The most notable part of the February labor-market data was the rebound in hours worked. After January's weather-related plunge to 34.2 hours, from 34.8 hours in December, the average workweek soared last month to 35 hours, an 11-year high. Combined with fatter payrolls, overall work time jumped 2.7% in February, more than making up for January's 1.6% decline.
Manufacturing hours also jumped, implying that February industrial production rose strongly, and the output gain will boost capacity utilization. Output is now growing faster than new capacity is coming onstream, suggesting that this and other demand-side price pressures will intensify in coming months.
Another key implication of the February rise in work time is that first-quarter hours worked are on schedule to post an annual rate of increase of about 4% from the fourth quarter. That pace suggests two things: One, quarterly growth in real gross domestic product remained strong, since hours worked is highly correlated with the quarterly pattern in GDP growth. And two, first-quarter productivity was stagnant.
The latter consequence is especially important in the Fed's thinking. Already, the Labor Dept. has revised fourth-quarter productivity growth sharply lower, cutting the originally reported gain of 2.2% in half, to 1.1%. As a result, unit labor costs grew 2.5%, instead of the tamer 1.4% first thought. Late in an expansion, productivity gains are harder to achieve as labor markets tighten, making it easier for wage gains to boost unit labor costs, a key factor in pricing decisions.
MOREOVER, TIGHT LABOR MARKETS continue to fuel wage growth. Average hourly earnings of production workers grew only 0.2% in February, a fact that seemed to soothe Wall Street's concerns about the stronger aspects of the jobs report. However, the three-month average of wages is up 3.8% from the same three months a year ago, the fastest pace in 6 1/2 years, and service-sector pay growth is nearing 4%.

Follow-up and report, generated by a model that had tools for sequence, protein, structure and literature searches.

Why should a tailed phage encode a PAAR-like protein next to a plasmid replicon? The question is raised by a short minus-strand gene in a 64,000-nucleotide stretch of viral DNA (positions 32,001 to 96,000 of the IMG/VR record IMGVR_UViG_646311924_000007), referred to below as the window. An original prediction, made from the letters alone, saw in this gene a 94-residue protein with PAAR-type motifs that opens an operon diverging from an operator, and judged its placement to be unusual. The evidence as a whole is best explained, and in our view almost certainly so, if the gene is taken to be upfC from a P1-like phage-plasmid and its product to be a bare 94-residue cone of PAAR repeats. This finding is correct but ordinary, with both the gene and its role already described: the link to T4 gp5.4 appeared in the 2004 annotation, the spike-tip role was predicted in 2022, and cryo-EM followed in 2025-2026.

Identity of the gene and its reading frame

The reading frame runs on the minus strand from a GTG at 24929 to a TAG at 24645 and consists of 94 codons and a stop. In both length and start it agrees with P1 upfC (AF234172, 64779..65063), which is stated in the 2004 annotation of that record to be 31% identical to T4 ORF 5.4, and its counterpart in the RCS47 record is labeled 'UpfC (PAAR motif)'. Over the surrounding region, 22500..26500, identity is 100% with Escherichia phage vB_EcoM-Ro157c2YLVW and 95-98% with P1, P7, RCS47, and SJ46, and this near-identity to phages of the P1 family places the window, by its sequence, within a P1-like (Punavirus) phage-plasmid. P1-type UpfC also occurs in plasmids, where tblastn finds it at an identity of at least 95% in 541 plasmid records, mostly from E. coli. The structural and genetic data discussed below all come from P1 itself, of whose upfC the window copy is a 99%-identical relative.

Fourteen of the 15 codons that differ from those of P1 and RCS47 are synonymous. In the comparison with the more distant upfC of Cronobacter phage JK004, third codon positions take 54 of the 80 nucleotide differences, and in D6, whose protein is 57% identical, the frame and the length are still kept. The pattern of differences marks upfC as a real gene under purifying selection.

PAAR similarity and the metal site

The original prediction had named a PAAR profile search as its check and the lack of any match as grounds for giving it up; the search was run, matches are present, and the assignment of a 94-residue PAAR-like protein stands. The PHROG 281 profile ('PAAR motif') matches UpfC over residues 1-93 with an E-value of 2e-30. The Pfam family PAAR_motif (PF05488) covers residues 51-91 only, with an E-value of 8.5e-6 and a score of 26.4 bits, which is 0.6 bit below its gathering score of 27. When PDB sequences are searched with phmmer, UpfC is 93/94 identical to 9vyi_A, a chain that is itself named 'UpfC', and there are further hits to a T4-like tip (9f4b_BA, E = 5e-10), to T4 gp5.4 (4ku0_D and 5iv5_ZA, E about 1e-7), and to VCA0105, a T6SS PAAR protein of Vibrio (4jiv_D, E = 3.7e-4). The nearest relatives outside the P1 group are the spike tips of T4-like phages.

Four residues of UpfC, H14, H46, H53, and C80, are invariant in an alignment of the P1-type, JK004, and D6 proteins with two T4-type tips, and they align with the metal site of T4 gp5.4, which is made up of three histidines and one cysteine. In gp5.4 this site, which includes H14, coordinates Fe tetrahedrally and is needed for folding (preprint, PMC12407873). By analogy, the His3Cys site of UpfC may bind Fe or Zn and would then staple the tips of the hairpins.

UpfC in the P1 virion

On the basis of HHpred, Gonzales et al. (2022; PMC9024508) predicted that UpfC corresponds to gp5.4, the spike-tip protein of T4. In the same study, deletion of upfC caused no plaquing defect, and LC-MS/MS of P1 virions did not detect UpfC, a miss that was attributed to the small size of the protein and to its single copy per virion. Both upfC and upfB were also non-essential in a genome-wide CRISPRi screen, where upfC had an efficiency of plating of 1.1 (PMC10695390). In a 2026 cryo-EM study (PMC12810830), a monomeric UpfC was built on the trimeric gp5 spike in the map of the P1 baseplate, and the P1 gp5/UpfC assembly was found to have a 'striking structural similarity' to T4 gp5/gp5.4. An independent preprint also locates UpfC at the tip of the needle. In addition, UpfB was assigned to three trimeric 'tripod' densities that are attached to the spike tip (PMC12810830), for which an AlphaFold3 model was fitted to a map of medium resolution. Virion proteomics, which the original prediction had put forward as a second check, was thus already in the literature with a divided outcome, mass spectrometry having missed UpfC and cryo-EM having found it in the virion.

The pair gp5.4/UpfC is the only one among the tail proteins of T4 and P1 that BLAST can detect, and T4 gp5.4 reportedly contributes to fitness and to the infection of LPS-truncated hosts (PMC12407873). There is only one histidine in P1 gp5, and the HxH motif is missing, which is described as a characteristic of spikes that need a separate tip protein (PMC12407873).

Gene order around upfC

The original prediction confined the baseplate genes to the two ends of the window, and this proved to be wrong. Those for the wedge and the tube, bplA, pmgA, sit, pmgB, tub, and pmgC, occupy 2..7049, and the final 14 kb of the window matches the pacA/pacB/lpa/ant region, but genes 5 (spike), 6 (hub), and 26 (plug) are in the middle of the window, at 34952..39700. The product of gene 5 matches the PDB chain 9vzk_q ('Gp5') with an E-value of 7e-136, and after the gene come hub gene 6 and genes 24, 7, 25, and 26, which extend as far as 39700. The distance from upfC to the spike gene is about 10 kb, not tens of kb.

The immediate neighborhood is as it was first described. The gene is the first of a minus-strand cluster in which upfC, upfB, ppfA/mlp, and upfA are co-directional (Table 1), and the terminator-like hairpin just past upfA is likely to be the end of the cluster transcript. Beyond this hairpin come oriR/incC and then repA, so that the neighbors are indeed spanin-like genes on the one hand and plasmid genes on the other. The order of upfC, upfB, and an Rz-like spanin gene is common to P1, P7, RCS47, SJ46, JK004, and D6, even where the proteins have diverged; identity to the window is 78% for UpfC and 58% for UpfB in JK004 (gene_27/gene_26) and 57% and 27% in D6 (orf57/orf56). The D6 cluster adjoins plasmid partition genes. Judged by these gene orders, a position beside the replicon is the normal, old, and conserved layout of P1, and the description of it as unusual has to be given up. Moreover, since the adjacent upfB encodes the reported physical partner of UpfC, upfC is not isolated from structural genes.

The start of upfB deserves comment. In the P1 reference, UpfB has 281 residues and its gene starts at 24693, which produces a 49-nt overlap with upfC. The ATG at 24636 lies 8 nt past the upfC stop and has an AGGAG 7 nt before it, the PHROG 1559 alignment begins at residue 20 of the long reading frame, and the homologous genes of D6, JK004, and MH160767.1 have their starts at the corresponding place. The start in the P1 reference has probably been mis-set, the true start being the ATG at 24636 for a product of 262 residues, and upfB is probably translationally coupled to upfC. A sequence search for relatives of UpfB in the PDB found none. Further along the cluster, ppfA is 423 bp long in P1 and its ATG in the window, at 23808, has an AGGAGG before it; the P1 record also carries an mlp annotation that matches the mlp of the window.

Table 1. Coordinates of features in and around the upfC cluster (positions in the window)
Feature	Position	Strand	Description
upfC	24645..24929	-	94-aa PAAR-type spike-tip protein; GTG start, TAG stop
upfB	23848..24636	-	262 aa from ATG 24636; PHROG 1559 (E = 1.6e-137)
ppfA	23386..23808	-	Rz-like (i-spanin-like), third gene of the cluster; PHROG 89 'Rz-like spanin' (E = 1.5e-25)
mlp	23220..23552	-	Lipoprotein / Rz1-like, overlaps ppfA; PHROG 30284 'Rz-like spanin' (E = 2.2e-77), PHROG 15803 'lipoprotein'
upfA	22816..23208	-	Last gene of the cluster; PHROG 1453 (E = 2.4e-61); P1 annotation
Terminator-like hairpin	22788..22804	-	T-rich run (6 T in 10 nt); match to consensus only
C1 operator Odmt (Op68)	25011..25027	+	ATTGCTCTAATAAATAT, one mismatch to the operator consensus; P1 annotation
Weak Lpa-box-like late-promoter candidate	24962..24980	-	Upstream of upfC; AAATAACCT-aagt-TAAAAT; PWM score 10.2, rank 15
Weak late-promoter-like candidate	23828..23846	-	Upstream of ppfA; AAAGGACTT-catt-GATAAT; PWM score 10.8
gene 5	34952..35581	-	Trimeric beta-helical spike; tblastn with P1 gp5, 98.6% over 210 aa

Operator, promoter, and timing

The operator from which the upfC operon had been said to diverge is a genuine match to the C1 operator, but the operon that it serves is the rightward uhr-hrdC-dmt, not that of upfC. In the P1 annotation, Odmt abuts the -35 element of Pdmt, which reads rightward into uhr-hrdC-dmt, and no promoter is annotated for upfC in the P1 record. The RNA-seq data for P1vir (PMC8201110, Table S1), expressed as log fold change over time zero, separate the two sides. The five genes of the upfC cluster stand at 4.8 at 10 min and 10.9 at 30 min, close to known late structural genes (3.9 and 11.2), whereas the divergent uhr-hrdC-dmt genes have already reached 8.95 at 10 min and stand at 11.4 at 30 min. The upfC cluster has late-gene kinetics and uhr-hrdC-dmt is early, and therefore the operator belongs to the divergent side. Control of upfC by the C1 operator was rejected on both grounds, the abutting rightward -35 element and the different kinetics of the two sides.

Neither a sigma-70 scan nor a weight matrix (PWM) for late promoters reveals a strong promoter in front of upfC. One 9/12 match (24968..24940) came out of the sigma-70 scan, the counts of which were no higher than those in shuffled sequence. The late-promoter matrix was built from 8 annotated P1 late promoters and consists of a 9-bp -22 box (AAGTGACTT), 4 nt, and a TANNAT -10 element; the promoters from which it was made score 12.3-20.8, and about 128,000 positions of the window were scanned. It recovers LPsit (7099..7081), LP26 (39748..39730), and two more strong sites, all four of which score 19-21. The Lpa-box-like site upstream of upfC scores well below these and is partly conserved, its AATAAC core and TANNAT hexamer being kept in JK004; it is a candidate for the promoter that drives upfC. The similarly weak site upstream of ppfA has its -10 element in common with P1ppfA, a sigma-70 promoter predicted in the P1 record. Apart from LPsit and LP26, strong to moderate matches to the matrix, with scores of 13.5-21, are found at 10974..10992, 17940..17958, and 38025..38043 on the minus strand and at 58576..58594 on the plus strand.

In fact, service wages are now growing a good deal faster than the 2.9% pace of nonenergy service prices for the first time in this expansion (chart). This pattern suggests emerging pressure on profit margins that could spur price hikes. Services will be a crucible for future pricing trends, since they are more labor-intensive. Also, service productivity gains are smaller than those in manufacturing, and service pricing is less restrained by the strong dollar and global competition.
Of course, any worry that the Fed may have about future inflation would become moot if the economy begins to cool off, but right now, there is no sign of that. By the end of February, the four-week average of initial claims for unemployment insurance, a leading indicator of the economy and the jobless rate, had fallen to an expansion low, indeed the lowest since 1989.
The current level of claims is historically consistent with an unemployment rate of 5% or less. In fact, the jobless rate would be there right now if labor-force growth in recent months had not surged above its trend. However, the labor force is now growing faster than the adult population, a situation that can't last.
The bottom line is that the economy is moving slowly but inexorably toward the set of demand and cost conditions that will force the Fed to hike rates. It may not be there by Mar. 25, but the economy and the Fed are on a collision course for the May 20 meeting.